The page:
Families, business and government all benefit.
One of the most anticipated education reports this year is being considered by ministers in Alice Springs today. The draft review of the National Partnership on Universal Access to Early Childhood Education offers governments an opportunity to make a real impact on their constituents’ lives.
The Nous Group analysis of preschool has turned out an overarching finding for governments: “that to sustain and further build on progress, funding should continue at a minimum of current levels”.
This opens a door of opportunity to governments. They have an independent green light to deliver the secure funding environment that will see higher quality early education delivered across more of Australia.
The review finds that “funding uncertainty’’ around the federal government’s contribution to preschools is a ‘‘real and important’’ issue. It says governments should commit to supporting universal access to preschool and future funding arrangements should ‘‘guarantee funding for a minimum of four or five years’’.
The current funding agreement between the Commonwealth and the States has been renewed annually or biannually for the past seven years. A stronger and longer partnership could improve governments’ ability work together, regardless of election outcomes, to ensure all Australian children have access to early education programs that deliver the biggest returns on investment.
The first ever Australian study into the economic benefits of early education, released this year by The Front Project and PwC, provides a marker on the tangible benefits to children, families, business and government – a 2:1 return.
Not only does investing in early education provide immediate and direct support for children and their families, it makes economic sense. For every dollar invested into universal early education in the year before school, the community receives $2 back – it is an investment opportunity like no other.
Educators, community services and families with children all intimately understand the benefits of early childhood education. Businesses struggling to employ workers with skills to innovate and expand their operations are also throwing support behind initiatives to improve access to early childhood education, noting the long-term benefits in developing creativity, collaboration and problem-solving skills.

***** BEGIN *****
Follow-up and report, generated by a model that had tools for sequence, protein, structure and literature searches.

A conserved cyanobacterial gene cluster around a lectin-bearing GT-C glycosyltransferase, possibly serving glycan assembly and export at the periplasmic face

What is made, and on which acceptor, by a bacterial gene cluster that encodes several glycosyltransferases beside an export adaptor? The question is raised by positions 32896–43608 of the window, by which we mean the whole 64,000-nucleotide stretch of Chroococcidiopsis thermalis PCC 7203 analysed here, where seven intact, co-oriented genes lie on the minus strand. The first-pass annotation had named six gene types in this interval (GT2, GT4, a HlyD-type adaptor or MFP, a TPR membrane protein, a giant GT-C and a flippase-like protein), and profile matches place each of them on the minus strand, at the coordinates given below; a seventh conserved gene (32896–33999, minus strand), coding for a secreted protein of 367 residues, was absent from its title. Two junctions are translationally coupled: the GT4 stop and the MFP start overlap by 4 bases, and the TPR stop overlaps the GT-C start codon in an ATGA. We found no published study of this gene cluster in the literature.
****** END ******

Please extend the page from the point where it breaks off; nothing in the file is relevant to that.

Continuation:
Peter Coleman, CEO of one of Australia’s largest energy companies, Woodside, has stated that the early years are crucial for building a happy, healthy and productive future workforce. PwC Chief Economist, Jeremy Thorpe, says early learning has a substantial impact on children’s development and benefits increase throughout their lives.
Some things governments can consider to transform children’s outcomes and see the greatest returns on their bottom lines include:
- Investing in quality. Every child should have access to a quality early childhood program that enhances their learning and development. Currently a quarter of services aren’t meeting the National Quality Standard.
- Committing to ongoing funding. A strengthened, ongoing commitment to the national partnership for preschool will lead to improved service viability, planning, job security and quality. The current agreement is up for renewal.
- Increasing access. Ensure children in disadvantaged communities have access to quality early childhood education to help fix the inequality we’re seeing throughout their learning journeys.
- Offering two years. Australia is one of the few OECD countries not offering two years of preschool, putting us at risk of falling further behind on international benchmark tests, like PISA.
Any fragmenting of responsibilities could mean individual states and territories having to independently navigate the critical and complex early learning system, risking growing inequality across suburbs and state lines.
If we truly want our children and our nation to be more and have more than we had, then ministers should seize the opportunity on their table today, and make this possible.
This article was originally published on The Mandarin. Read the original article.